Category: Current Topics

Dismantling the Empire: America’s Last Best Hope

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The essential theme of the book is that the U.S. must dismantle its empire or face a future of poverty and strife within a divided nation. As these essays were written over a period of five years, there is some reiteration of information – particularly on the military bases and their costs and effects on

LEGACY OF ASHES. The History of the CIA

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“We went all over the world and we did what we wanted,” said Al Ulmer, the C.I.A.’s Far East division chief in the 1950s. “God, we had fun.” But even their successes turned out to be failures. In 1963, the C.I.A. backed a coup to install the Baath Party in Iraq. “We came to power

Tiger Trap: America’s Secret Spy War with China

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Chinese espionage against the U.S. since WWII has been mainly focused on two areas, which constitute the two major threads of Wise’s account: 1) stealing U.S. nuclear weapons data housed at Los Alamos and Lawrence Livermore National Laboratories, and 2) penetrating U.S. counterintelligence. According to Wise, over the past thirty years, China has acquired a

REVIEW: The Main Enemy. The Inside Story of the CIA’s Final Showdown with the KGB

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By Milt Bearden and James Risen. New York: Random House, 2003. 563 pages, note on sources, index Bearden is a former 30 year senior officer of CIA’s clandestine service and Risen is a New York Times investigative reporter. This book covers CIA’s covert operations in Afghanistan to defeat the Soviets. The heart of this fascinating

REVIEW: Charlie Wilson’s War. The Extraordinary Story of the Largest Covert Operation in History

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By George Crile.  New York: Atlantic Monthly Press, 2003. 550 pages, photos, index. FOR most of his 24-year career in the House of Representatives, Charles Wilson was known for his abiding fondness for hot tubs, women and Scotch whiskey. His friends at the Central Intelligence Agency said, only partly in jest, that the Texas Democrat's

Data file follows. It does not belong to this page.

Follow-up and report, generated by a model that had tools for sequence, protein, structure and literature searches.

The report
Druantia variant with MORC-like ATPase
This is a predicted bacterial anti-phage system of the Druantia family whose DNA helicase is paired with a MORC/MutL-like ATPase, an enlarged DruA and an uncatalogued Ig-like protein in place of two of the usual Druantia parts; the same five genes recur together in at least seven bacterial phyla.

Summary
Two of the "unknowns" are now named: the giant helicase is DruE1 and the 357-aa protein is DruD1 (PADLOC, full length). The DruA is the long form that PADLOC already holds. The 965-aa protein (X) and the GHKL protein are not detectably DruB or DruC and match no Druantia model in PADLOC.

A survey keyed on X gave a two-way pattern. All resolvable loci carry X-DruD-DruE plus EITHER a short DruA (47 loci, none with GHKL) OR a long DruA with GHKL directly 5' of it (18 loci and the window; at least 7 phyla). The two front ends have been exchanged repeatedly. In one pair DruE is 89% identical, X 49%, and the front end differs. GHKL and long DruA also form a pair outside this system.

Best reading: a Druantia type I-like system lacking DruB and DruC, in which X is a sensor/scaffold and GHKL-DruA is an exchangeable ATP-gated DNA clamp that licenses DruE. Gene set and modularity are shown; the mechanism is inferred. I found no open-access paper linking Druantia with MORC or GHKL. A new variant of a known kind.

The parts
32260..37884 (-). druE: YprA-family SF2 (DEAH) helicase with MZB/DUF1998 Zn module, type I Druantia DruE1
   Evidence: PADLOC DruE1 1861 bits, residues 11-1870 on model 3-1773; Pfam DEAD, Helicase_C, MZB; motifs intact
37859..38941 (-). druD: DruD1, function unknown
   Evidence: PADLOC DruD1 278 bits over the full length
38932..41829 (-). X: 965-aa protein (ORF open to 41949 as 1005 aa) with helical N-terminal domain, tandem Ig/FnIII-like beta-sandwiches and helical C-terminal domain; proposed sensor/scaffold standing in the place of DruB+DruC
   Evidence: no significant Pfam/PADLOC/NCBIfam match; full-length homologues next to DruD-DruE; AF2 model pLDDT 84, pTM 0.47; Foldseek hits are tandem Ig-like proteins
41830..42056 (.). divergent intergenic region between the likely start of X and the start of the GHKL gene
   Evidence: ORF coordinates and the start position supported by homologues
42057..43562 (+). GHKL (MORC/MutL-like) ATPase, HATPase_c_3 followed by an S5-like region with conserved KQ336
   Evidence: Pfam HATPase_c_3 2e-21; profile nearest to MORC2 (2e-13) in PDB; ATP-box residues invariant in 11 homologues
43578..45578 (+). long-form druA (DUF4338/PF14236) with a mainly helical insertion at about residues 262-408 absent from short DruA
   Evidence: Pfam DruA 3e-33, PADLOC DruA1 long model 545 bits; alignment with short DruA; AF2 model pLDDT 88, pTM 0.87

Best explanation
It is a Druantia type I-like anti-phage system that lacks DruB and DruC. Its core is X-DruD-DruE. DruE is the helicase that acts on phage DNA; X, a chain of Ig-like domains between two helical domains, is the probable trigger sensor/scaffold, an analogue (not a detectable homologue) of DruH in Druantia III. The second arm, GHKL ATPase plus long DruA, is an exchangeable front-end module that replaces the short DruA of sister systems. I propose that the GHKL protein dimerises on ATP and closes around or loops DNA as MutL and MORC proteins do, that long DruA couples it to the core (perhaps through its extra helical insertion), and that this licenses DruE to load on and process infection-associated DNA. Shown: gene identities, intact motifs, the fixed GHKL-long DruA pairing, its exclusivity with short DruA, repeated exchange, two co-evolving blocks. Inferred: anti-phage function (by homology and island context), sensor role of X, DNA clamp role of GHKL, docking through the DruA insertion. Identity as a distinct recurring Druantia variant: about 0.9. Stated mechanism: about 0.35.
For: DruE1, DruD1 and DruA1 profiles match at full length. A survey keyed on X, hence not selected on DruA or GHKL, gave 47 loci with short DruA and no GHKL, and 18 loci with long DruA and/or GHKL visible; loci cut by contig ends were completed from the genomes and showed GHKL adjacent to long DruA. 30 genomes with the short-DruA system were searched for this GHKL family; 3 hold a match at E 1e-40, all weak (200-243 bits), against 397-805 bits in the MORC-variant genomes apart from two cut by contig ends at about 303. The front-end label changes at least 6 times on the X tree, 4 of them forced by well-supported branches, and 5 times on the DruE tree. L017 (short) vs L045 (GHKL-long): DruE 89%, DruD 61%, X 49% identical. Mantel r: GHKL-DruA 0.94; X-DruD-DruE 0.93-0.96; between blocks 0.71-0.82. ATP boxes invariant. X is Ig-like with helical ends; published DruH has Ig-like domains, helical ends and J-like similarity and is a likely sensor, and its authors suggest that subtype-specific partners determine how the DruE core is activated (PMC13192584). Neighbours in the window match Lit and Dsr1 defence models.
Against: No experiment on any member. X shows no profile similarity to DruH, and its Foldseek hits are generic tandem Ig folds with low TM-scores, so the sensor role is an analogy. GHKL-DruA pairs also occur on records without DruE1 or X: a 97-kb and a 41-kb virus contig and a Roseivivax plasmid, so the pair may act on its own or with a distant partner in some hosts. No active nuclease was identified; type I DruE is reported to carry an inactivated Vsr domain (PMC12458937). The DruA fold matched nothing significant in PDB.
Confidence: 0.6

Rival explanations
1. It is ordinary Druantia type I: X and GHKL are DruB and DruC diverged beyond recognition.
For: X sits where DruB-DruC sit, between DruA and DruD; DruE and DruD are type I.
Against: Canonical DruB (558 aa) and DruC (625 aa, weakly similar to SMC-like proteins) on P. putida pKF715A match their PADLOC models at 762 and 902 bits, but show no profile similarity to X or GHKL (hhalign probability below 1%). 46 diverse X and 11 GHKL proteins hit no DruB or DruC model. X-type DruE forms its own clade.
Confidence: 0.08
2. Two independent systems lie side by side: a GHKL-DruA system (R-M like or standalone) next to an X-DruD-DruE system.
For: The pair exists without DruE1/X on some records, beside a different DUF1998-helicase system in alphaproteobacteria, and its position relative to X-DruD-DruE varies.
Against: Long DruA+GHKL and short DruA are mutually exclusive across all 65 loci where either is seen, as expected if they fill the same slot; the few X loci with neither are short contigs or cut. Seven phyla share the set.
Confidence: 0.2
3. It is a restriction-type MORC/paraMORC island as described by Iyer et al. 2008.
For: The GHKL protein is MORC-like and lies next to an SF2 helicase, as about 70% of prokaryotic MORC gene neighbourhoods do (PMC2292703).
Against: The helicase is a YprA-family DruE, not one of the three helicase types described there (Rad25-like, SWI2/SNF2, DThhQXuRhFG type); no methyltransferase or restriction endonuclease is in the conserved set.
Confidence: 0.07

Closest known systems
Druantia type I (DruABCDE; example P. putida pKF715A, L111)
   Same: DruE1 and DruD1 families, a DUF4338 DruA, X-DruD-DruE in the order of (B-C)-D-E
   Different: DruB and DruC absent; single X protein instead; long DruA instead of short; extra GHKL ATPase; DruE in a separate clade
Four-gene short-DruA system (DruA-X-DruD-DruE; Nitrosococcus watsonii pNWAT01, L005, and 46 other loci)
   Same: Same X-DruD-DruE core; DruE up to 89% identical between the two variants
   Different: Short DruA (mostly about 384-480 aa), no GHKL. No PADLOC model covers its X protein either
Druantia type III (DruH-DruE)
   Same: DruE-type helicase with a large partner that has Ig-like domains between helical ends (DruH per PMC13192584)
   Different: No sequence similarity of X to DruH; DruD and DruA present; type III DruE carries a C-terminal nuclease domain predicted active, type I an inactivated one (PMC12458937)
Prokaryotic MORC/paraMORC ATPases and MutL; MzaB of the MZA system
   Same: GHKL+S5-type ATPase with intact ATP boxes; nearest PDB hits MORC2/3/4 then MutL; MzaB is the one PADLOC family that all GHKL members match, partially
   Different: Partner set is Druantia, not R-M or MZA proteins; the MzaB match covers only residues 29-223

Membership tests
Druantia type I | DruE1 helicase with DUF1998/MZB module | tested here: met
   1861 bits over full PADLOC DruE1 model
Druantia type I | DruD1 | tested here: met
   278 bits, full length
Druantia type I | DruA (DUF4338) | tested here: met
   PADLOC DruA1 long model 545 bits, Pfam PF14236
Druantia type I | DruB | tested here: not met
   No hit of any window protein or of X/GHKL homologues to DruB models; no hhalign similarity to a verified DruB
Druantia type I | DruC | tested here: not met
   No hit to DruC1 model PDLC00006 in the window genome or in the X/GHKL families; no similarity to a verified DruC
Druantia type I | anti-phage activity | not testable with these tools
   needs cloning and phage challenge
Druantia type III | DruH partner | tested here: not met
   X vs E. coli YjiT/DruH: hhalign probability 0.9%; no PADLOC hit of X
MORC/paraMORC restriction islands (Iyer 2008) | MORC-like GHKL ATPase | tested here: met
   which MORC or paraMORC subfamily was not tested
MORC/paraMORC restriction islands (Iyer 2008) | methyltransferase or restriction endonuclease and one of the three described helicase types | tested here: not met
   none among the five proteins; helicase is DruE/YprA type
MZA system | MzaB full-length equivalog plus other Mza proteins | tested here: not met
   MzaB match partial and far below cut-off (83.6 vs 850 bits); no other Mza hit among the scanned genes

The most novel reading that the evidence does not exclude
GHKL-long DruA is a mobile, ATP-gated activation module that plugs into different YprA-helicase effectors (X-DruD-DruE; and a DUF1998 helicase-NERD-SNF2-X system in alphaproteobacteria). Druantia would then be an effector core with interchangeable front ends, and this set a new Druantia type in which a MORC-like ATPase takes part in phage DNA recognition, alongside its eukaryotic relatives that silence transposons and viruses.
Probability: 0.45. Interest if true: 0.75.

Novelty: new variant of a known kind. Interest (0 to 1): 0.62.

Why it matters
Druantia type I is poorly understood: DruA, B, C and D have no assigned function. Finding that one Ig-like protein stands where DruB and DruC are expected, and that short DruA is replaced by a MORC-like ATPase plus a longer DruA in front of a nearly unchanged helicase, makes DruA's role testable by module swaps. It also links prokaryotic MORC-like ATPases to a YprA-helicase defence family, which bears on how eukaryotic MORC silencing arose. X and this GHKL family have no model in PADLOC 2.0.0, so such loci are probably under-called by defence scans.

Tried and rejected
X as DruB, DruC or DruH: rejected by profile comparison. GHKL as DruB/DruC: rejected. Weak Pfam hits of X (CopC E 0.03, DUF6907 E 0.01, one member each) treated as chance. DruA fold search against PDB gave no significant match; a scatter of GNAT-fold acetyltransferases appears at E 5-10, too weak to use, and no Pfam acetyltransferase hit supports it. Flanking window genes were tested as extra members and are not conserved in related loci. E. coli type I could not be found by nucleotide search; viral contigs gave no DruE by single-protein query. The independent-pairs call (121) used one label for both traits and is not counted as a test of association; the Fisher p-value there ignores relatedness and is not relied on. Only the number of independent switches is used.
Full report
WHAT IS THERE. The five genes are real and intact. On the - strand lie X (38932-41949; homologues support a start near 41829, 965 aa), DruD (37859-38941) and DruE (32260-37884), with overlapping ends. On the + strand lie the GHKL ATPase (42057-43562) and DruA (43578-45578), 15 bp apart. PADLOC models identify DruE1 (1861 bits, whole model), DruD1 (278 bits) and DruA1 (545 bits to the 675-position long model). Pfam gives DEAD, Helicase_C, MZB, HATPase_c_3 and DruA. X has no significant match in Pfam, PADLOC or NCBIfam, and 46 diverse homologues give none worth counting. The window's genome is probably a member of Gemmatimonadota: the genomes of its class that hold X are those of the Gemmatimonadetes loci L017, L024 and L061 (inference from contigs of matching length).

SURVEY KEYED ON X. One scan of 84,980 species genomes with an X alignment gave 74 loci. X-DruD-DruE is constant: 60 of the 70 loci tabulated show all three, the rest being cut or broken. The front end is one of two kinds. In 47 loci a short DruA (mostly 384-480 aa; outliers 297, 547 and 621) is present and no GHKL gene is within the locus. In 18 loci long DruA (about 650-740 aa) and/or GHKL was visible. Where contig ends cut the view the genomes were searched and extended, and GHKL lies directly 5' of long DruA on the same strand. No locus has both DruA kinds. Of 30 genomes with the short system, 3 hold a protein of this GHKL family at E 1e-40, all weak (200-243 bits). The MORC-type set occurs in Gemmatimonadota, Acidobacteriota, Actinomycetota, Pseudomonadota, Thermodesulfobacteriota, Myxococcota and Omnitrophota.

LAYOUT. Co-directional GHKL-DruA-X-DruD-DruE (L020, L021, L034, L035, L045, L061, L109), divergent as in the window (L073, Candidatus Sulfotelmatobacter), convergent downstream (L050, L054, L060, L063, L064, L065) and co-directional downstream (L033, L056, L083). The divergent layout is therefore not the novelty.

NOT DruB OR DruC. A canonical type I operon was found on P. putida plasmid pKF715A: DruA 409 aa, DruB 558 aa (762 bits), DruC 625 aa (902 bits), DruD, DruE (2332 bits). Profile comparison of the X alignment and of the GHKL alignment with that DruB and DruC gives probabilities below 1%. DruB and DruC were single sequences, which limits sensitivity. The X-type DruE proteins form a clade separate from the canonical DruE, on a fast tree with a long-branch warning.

REVIEW: The CIA At War. Inside the Secret Campaign Against Terror

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By Ronald Kessler. New York: St. Martin's Press, 2003. 313 pages, endnotes, bibliography, photos, index Kessler, a New York Times journalist and best-selling author, gained impressive access to the CIA and recorded interviews with many of its highest officers, past and present. The result is the CIA at War, a tantalizing journey into the organization,

REVIEW: Intelligence in War. Knowledge of the Enemy from Napoleon to al Qaeada

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Intelligence in War: Knowledge of the Enemy from Napoleon to Al-Qaeda By John Keegan.New York: Alfred A. Knopf, 2003. 387 pages. In his new book Intelligence in War, John Keegan asks the question of just how useful intelligence information is in wartime. His answers are at times surprising, but well supported by fact. Keegan examines

REVIEW: Fixing Intelligence. For a More Secure America

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By Lt. Gen. William E. Odom, US Army, Ret. New Haven, CT: Yale University Press, 2002. 230 pages. __________________________________________________________________________________________________________ There are two very important themes running through this book, and they earn the author a solid four stars and a “must read” recommendation. First, the author is correct and compellinging clear when he points out

REVIEW: Terror in the Name of God. Why Religious Militants Kill